Relations between Switzerland and Swaziland are good, but are not very intensive. The Swiss Agency for Development and Cooperation conducts activities in the country within the framework of its regional programme for Southern Africa.
Bilateral relations Switzerland–Swaziland
Key aspects of diplomatic relations
Swaziland is represented out of Brussels, with an honorary consul general in Zurich.
Direct trade between the two countries is at a very modest level, as Swiss products sold in Swaziland are imported via South Africa. Swaziland is a member of the Southern African Customs Union (together with South Africa, Botswana, Lesotho, and Namibia), and a partner to the free trade agreement concluded by that organisation with the European Free Trade Association (EFTA).
Cooperation in the domain of education
Scholars and artists from Swaziland can apply to the State Secretariat for Education, Research and Innovation (SERI) for Swiss Government Excellence Scholarships.
Peacebuilding and human security
Through the SDC, Switzerland participates in efforts to strengthen electoral and democratic processes in the countries of the Southern Africa Development Community (SADC), of which Swaziland is a member. In partnership with the electoral commission, civil society organisations, political parties, and the Parliament, the overall objective of this project is to strengthen the institutional and technical capacities of the SADC secretariat and the parties involved in the electoral process (electoral commission, political parties, and civil society) so that elections are held in a peaceful, democratic, and credible manner.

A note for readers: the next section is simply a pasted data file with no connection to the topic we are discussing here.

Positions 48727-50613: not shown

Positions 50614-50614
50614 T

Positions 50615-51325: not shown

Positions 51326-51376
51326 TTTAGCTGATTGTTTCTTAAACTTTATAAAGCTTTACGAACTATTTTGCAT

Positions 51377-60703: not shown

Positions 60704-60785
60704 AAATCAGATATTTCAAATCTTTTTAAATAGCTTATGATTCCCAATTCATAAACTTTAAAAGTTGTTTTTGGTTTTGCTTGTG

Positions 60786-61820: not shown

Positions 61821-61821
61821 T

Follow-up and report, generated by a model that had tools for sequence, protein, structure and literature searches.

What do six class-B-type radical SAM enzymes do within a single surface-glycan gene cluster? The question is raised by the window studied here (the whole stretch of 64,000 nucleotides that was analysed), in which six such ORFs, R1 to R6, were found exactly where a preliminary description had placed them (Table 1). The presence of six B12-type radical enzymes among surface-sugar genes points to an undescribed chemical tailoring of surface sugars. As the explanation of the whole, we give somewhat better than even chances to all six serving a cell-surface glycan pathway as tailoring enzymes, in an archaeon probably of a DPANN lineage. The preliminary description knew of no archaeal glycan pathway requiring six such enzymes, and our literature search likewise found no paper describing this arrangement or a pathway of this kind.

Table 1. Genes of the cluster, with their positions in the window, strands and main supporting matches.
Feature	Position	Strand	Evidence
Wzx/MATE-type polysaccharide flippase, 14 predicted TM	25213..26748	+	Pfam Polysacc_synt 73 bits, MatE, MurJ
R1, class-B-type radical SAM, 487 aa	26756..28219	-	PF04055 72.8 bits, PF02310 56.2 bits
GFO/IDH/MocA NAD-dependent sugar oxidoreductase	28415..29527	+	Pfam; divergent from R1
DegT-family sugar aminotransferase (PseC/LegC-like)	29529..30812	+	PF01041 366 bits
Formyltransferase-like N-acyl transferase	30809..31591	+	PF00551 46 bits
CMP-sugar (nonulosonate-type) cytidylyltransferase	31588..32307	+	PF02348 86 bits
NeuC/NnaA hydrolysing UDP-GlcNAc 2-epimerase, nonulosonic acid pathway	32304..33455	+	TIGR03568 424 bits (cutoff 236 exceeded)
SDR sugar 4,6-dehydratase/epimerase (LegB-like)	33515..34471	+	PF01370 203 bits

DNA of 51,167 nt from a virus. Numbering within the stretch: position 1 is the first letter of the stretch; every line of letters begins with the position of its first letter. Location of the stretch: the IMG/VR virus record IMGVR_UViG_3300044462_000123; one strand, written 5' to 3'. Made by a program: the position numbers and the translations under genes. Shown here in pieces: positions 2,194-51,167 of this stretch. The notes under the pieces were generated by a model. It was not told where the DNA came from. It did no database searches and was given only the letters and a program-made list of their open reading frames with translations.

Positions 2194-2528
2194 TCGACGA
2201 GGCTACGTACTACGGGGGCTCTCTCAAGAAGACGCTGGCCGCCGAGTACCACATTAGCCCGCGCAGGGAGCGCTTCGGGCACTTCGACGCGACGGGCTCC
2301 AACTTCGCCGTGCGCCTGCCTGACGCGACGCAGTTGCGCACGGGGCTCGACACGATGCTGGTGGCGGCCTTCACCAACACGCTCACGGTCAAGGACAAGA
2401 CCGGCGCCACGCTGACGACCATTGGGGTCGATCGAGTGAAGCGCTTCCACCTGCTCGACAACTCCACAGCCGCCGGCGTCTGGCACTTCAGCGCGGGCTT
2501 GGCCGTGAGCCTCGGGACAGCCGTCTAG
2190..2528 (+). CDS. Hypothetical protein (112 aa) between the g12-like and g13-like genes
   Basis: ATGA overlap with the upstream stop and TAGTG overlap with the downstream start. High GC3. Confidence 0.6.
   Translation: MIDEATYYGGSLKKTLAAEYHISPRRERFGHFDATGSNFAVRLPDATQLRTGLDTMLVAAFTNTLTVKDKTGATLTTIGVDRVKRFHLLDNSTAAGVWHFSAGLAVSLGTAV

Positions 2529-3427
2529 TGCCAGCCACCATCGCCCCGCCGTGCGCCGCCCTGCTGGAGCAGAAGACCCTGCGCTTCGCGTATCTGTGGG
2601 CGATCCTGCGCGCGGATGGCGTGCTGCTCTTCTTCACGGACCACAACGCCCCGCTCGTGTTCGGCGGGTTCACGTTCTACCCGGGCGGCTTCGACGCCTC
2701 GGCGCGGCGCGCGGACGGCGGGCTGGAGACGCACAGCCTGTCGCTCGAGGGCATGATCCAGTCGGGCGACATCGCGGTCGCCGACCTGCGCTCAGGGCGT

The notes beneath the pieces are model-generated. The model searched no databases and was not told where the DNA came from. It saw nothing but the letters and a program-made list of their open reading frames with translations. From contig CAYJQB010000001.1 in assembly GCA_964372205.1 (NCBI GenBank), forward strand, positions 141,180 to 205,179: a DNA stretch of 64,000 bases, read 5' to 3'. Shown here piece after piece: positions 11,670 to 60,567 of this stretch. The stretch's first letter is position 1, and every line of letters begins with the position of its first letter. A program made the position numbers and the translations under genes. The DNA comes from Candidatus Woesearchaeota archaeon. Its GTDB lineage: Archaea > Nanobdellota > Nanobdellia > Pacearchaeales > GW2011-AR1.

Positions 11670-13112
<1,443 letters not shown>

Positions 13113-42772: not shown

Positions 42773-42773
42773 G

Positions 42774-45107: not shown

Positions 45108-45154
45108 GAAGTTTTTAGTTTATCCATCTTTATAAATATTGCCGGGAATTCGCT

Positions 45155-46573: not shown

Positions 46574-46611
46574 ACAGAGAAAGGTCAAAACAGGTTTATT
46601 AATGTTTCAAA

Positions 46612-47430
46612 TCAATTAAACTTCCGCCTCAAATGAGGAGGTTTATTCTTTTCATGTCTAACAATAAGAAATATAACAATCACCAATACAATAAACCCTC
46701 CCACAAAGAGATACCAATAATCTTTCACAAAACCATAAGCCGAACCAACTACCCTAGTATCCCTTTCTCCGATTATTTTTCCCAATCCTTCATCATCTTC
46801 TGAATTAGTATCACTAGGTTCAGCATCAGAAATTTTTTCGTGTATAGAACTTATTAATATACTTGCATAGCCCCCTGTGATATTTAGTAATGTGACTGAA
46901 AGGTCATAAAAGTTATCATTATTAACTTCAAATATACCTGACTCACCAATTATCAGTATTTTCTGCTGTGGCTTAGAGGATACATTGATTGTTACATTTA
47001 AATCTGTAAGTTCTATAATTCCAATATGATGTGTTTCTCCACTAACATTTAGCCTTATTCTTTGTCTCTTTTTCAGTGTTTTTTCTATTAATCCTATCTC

Development cooperation and humanitarian aid
The SDC supports the “New Seed Initiative for Maize in Southern Africa”, the overall objective of which is to improve food security for farmers in Swaziland by developing and promoting new varieties of seeds.
Together with various local partners, Switzerland also supports a programme for the prevention of AIDS among young people between the ages of 10 and 24. The purpose of the programme is to lower the incidence of infection with the AIDS virus in this segment of the population and to improve the quality of life for young people afflicted by the disease.
Swiss nationals in Swaziland
As of the end of 2015, 39 Swiss nationals were living in Swaziland.
History of bilateral relations
The Federal Council recognised the independence of Swaziland, a former British protectorate, in 1968, and accredited the Swiss ambassador in Pretoria (South Africa) to represent Switzerland before the King of Swaziland.
In 1986, two Swiss nationals were kidnapped in Swaziland by members of the South African military. Diplomatic efforts succeeded in obtaining their release and an apology was issued by the Minister of Foreign Affairs of South Africa.